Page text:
Monday, April 5, 2021
Today the Supreme Court issued its decision in Google LLC v. Oracle America, Inc. By a 6-2 vote, it holds that Google’s copying of a portion of a computer program owned by Oracle constituted “fair use” for purposes of federal copyright law. The opinion is focused mostly on substantive copyright law, but—as covered earlier here and here—the posture of the case prompted some interesting procedural questions. The jury had ruled in favor of Google on its fair use defense, and the Supreme Court asked the parties to file supplemental letter briefs addressing “the appropriate standard of review” regarding fair use, “including but not limited to the implications of the Seventh Amendment, if any, on that standard.”
Justice Breyer’s majority opinion, joined by Chief Justice Roberts and Justices Sotomayor, Kagan, Gorsuch, and Kavanaugh, agrees with the Federal Circuit that the “ultimate question” of fair use was for reviewing courts to decide de novo:
We have said, “[f]air use is a mixed question of law and fact.” Harper & Row, 471 U. S., at 560. We have explained that a reviewing court should try to break such a question into its separate factual and legal parts, reviewing each according to the appropriate legal standard. But when a question can be reduced no further, we have added that “the standard of review for a mixed question all depends— on whether answering it entails primarily legal or factual work.” U. S. Bank N. A. v. Village at Lakeridge, LLC, 583 U. S. ___, ___(2018) (slip op., at 9).
In this case, the ultimate “fair use” question primarily involves legal work. “Fair use” was originally a concept fashioned by judges. Folsom, 9 F. Cas., at 348. Our cases still provide legal interpretations of the fair use provision. And those interpretations provide general guidance for future cases. See, e.g., Campbell, 510 U. S., at 592–593 (describing kinds of market harms that are not the concern of copyright); Harper & Row, 471 U. S., at 564 (“scope of fair use is narrower with respect to unpublished works”); Sony, 464 U. S., at 451 (wholesale copying aimed at creating a market substitute is presumptively unfair). This type of work is legal work. U. S. Bank, 583 U. S., at ___ (slip op., at 8) (“When applying the law involves developing auxiliary legal principles for use in other cases[,] appellate courts should typically review a decision de novo”).
Justice Breyer recognizes that the fair use inquiry “may, of course, involve determination of subsidiary factual questions, such as whether there was harm to the actual or potential markets for the copyrighted work or how much of the copyrighted work was copied.” But he finds that “the Federal Circuit carefully applied the fact/law principles we set forth in U. S. Bank, leaving factual determinations to the jury and reviewing the ultimate question, a legal question, de novo.”
Justice Breyer also concludes that such review of jury verdicts does not violate the Seventh Amendment. He finds no violation of the amendment’s Reexamination Clause because “the ultimate question here is one of law, not fact. It does not violate the Reexamination Clause for a court to determine the controlling law in resolving a challenge to a jury verdict, as happens any time a court resolves a motion for judgment as a matter of law. See, e.g., Neely v. Martin K. Eby Constr. Co., 386 U. S. 317, 322 (1967).” Justice Breyer then rejects Google’s argument that the first clause of the Seventh Amendment—the “right of trial by jury”—entitled it “to have a jury resolve a fair use defense.”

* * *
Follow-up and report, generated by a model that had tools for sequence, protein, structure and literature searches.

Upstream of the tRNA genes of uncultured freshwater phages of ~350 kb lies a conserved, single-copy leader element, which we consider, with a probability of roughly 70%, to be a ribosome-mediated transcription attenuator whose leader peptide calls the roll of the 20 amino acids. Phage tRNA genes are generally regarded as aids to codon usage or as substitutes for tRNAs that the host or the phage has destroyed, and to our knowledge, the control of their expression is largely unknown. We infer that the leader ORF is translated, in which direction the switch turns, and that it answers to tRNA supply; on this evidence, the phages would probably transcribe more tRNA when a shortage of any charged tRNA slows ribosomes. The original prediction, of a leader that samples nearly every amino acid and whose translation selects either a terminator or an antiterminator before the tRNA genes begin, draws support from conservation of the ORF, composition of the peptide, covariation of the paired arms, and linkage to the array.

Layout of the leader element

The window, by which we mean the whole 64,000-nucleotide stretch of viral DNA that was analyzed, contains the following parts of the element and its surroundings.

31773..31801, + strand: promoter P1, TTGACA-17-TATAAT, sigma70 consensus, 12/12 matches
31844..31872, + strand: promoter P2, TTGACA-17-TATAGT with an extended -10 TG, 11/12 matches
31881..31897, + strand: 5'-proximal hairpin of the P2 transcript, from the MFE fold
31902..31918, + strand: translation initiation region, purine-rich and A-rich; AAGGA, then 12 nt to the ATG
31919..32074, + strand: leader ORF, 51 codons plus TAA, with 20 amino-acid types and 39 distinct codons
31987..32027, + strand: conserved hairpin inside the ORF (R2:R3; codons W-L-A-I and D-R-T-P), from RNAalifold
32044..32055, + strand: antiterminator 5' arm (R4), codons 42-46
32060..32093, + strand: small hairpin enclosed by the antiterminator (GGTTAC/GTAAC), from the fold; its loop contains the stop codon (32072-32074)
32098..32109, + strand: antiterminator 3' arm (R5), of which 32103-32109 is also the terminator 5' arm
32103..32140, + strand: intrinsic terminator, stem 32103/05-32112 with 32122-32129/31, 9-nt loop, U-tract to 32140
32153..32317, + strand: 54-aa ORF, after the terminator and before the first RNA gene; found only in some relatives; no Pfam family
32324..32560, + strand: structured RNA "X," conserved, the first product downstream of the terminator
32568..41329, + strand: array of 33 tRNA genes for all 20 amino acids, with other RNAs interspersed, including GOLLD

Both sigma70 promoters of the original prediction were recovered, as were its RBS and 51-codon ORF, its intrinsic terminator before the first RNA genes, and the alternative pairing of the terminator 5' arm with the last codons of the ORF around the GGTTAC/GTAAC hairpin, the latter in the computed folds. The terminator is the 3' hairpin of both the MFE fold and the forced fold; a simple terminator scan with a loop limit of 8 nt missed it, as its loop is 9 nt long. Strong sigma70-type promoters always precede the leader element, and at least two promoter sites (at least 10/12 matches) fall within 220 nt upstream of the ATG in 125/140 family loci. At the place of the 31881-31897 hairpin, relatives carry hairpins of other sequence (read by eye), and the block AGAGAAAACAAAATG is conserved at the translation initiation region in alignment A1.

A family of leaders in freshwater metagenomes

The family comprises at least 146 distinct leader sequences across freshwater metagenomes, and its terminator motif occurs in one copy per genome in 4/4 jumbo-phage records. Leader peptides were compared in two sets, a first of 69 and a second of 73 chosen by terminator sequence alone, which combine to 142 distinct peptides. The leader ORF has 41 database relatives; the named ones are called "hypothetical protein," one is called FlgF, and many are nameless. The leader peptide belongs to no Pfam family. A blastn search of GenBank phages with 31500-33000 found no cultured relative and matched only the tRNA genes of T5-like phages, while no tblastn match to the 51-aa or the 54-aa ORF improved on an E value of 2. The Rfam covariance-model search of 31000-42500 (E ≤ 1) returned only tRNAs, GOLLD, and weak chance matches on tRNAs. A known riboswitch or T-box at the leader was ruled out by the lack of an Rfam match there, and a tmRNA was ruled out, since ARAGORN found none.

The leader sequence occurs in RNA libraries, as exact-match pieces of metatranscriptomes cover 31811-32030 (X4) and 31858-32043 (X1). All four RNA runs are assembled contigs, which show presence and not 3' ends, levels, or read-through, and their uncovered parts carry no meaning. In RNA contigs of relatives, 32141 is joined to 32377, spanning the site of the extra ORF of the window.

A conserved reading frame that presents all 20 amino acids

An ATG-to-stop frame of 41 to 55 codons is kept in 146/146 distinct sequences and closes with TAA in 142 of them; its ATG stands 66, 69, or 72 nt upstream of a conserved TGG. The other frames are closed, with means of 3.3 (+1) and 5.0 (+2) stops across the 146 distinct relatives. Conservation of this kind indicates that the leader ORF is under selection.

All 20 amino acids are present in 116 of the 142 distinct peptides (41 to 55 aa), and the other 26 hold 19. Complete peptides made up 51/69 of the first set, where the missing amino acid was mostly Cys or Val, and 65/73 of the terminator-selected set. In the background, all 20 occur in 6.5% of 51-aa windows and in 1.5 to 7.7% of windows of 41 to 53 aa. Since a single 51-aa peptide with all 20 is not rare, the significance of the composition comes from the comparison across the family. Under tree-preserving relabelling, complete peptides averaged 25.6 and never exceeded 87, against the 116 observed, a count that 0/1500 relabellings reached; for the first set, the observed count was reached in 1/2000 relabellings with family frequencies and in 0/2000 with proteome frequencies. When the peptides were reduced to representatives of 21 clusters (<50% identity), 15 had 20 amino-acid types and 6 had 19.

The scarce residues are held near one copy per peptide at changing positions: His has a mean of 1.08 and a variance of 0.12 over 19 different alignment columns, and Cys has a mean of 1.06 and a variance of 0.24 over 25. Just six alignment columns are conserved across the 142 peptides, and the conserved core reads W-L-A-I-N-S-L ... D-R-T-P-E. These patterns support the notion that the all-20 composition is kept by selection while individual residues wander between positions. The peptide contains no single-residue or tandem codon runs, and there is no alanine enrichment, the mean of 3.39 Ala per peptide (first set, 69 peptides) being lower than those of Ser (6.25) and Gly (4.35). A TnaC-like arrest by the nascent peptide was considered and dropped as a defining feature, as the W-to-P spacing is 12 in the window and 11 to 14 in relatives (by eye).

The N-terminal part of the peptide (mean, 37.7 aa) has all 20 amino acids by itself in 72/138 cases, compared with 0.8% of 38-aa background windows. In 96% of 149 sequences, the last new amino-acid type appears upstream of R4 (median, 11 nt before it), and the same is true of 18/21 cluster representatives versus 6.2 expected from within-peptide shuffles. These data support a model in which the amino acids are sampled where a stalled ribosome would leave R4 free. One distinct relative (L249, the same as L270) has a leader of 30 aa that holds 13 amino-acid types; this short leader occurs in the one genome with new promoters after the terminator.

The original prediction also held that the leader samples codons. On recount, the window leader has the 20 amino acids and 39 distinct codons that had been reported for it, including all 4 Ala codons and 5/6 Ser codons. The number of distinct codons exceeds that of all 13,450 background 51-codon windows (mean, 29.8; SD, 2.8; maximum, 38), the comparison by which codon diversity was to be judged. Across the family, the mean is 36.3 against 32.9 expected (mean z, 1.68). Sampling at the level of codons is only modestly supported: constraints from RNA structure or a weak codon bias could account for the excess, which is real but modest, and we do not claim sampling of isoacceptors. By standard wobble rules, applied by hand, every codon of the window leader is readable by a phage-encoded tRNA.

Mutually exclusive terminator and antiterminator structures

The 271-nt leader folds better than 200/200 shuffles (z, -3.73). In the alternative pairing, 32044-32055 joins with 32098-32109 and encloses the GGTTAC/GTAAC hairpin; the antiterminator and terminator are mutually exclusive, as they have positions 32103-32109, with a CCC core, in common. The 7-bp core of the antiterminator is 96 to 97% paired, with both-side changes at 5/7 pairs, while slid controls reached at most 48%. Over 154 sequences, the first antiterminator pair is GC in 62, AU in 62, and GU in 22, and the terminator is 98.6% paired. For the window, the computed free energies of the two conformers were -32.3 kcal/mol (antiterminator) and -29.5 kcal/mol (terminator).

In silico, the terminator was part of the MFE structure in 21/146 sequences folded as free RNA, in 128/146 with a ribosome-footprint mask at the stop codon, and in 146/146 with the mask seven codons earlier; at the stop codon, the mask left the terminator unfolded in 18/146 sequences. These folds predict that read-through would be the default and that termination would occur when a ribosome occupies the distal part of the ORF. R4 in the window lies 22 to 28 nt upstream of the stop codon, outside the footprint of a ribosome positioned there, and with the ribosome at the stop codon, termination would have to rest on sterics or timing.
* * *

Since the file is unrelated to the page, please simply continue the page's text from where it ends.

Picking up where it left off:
That Clause is concerned with “the particular trial decision” at issue. Markman v. Westview Instruments, Inc., 517 U. S. 370, 376 (1996). Even though it is possible to find pre-Revolutionary English cases in which a judge sent related questions like fair abridgment to a jury, those questions were significantly different from the “fair use” doctrine as courts apply it today. See, e.g., Gyles v. Wilcox, 2 Atk. 141, 142– 144, 26 Eng. Rep. 489, 490–491 (Ch. 1740) (asking the Court to resolve the narrow question whether a shortened work could be considered a new work); Sayre v. Moore, 1 East 361, n., 102 Eng. Rep. 138, 139, n. (K. B. 1785) (discussing the jury’s role in resolving whether copying constituted infringement). As far as contemporary fair use is concerned, we have described the doctrine as an “equitable,” not a “legal,” doctrine. We have found no case suggesting that application of U. S. Bank here would fail “to preserve the substance of the common-law [jury trial] right as it existed in 1791.” Markman, 517 U. S., at 376.
To be clear: although Google loses regarding its preferred standard of review, it wins on the merits because the majority ultimately finds that “Google’s copying of the Sun Java API was a fair use of that material as a matter of law.”
Justice Thomas’s dissent, joined by Justice Alito, largely agrees with the majority regarding the standard of review. The dissenters simply conclude that “Google’s use of that copyrighted code was anything but fair.” They also differ in one respect about the Seventh Amendment. Justice Thomas writes in a footnote:
I would not, however, definitively resolve Google’s argument that the Seventh Amendment commits the question of fair use to a jury. I tend to agree with the Court that fair use was not “itself necessarily a jury issue” when the Constitution was ratified. Markman v. Westview Instruments, Inc., 517 U. S. 370, 376–377 (1996). Google cites cases about “fair abridgment,” but Congress has since made clear that copyright holders have “exclusive rights” over any “abridgment.” 17 U. S. C. §§101, 106. And in any event, judges often declined to refer these issues to juries. See, e.g., Gyles v. Wilcox, 2 Atk. 141, 144, 26 Eng. Rep. 489, 490–491 (Ch. 1740); Folsom v. Marsh, 9 F. Cas. 342, 345–349 (No. 4,901) (CC Mass. 1841) (Story, J). Still, we should not so casually decide this question when the parties barely addressed it.